I have a random forest being applied to 7 different input variables to predict a particular classification. I've done a grid search on the hyperparameters mtry and ntree and it seems as though the algorithm is most accurate when mtry is at 6 (the highest value for mtry I allowed as a hypothetical value in my search). This finding has also been confirmed when applied to a test set. I have an intuition that mtry should always be less than the number of total variables in the model but I can't find anything that explicitly states this.

My question Is there an upper limit to mtry as I think there should be? And if indeed that's the case, what would it indicate if my model gets more accurate as I approach that upper limit? Is that something to be concerned about?


2 Answers 2


mtry is indeed bound by the number of variables in your model, as it specifies the size of the variable subset that is randomly picked for each random forest iteration.

Given that it is a hyper-parameter, there is no way to know ahead of time what would be the best value of mtry. However, values of mtry that are close to the total number of variables in the model may weaken the forest by making the individual decision trees more correlated; when the decision trees consider similar sets of variables to split on, they are more likely to be similar, even if each is fit to a different bootstrapped data set. Ensemble models usually strive for independence of their members, as that improves predictive ability.

Despite these concerns, the value picked by through proper validation, even if it is large, is probably a fair value to consider for a model.

  • $\begingroup$ See, I was thinking the same thing but when conducting a grid search for a particular set, I found that the best value of mtry was 2-3x the number of variables. This was replicated when using caret in r to tune mtry. The efficacy of this hyper-parameter value was confirmed through the use of a test dataset. $\endgroup$ Sep 15, 2016 at 0:20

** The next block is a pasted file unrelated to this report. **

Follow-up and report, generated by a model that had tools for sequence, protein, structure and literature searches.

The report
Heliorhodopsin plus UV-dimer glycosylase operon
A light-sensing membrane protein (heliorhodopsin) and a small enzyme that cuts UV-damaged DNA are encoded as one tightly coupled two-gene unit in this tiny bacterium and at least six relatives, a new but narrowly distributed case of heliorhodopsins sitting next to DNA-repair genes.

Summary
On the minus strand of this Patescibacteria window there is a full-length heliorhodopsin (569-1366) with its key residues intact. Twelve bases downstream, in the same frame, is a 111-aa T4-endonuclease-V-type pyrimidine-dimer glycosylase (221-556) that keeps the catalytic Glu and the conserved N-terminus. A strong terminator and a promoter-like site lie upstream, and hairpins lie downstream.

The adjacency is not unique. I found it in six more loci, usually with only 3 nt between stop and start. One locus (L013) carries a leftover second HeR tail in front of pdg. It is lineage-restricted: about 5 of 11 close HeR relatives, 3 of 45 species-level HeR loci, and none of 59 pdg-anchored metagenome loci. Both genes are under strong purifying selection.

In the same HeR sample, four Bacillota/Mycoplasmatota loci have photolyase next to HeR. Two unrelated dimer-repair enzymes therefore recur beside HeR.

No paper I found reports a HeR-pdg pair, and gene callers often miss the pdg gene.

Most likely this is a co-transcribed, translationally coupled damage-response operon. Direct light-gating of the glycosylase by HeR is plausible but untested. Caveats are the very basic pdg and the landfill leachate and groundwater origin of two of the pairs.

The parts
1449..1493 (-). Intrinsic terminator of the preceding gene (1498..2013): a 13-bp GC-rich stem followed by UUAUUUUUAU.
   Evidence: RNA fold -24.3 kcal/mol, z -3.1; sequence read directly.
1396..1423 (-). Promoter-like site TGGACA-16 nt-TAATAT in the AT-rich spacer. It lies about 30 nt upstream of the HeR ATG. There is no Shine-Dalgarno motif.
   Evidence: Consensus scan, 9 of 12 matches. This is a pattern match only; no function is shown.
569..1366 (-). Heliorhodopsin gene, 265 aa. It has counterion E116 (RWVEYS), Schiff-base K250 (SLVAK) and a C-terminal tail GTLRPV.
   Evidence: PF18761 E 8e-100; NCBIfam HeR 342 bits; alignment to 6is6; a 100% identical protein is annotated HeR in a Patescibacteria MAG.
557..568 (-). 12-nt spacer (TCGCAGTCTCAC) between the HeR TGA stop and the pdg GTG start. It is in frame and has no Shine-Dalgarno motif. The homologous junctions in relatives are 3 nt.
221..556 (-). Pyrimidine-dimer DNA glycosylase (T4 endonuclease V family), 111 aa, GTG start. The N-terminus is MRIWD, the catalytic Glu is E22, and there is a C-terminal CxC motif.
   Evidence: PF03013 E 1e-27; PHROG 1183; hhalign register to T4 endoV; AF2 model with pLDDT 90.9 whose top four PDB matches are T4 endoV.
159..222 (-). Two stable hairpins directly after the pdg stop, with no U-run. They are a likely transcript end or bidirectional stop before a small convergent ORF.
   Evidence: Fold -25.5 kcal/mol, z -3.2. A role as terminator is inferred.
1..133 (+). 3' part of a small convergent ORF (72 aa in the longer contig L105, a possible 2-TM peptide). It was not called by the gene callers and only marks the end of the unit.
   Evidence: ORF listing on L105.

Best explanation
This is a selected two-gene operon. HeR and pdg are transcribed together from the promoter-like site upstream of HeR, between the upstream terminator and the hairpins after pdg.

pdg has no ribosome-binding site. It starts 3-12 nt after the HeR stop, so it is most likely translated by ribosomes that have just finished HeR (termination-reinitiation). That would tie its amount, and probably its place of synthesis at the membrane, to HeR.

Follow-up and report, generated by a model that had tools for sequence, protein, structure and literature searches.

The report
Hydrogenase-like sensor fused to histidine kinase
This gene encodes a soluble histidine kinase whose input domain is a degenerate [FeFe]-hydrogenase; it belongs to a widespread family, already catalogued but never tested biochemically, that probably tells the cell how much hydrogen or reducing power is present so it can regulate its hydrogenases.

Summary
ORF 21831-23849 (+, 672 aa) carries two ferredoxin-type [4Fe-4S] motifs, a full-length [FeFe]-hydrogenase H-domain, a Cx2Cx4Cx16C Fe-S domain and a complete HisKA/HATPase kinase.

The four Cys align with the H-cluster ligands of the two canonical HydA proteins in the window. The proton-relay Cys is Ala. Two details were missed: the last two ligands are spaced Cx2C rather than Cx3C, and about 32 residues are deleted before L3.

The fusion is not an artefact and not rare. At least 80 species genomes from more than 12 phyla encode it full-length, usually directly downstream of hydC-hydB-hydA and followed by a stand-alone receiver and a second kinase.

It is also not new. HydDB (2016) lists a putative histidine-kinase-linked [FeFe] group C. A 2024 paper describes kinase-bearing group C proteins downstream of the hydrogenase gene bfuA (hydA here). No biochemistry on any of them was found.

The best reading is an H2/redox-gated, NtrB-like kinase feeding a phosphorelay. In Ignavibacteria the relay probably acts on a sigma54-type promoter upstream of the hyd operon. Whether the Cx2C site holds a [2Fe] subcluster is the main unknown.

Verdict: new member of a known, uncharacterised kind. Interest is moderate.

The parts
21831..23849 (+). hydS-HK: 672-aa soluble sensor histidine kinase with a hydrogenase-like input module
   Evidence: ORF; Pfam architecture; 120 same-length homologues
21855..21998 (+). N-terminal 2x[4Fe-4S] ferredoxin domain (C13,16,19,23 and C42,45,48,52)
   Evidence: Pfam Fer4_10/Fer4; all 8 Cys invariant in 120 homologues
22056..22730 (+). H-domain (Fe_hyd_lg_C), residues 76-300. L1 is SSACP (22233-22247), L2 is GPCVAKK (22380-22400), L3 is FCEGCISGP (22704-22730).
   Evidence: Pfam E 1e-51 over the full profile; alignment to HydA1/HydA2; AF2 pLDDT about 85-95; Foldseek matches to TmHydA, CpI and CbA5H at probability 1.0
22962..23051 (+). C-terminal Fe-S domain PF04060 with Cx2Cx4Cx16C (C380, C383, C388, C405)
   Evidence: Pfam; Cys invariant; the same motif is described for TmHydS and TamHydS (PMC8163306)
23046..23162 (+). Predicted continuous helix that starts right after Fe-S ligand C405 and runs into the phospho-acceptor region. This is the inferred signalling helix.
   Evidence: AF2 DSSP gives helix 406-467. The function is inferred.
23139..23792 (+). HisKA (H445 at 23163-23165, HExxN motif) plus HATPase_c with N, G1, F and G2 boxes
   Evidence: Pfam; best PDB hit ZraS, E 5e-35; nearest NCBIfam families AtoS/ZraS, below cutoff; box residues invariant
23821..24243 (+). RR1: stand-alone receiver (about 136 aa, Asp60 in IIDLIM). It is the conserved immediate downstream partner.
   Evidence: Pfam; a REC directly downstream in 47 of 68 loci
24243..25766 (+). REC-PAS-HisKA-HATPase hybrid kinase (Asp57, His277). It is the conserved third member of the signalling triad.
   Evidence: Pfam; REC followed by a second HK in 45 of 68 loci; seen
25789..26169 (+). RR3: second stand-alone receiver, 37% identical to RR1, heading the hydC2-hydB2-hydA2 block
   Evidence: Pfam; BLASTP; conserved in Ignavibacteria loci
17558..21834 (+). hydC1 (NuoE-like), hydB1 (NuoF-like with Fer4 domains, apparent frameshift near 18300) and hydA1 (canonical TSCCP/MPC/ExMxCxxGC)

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    $\begingroup$ Is this using the randomForest package in R? It shouldn't be possible to set mtry > p, due to this block of code in the function: p <- ncol(x) ... if (mtry < 1 || mtry > p) warning("invalid mtry: reset to within valid range") mtry <- max(1, min(p, round(mtry))) Are you seeing this warning when you have mtry > nVariables? $\endgroup$ Sep 15, 2016 at 2:41
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    $\begingroup$ Agree with @MirHenglin. It doesn't make sense to take mtry > p [total number of predictors]. As by definition; 'mtry' is the number of variables randomly sampled as candidates at each split $\endgroup$ Dec 13, 2019 at 10:18

Could the reason for mtry being able to exceed p be because some of the variables are categorical, and automatically one-hot-encoded into several dummy variables?


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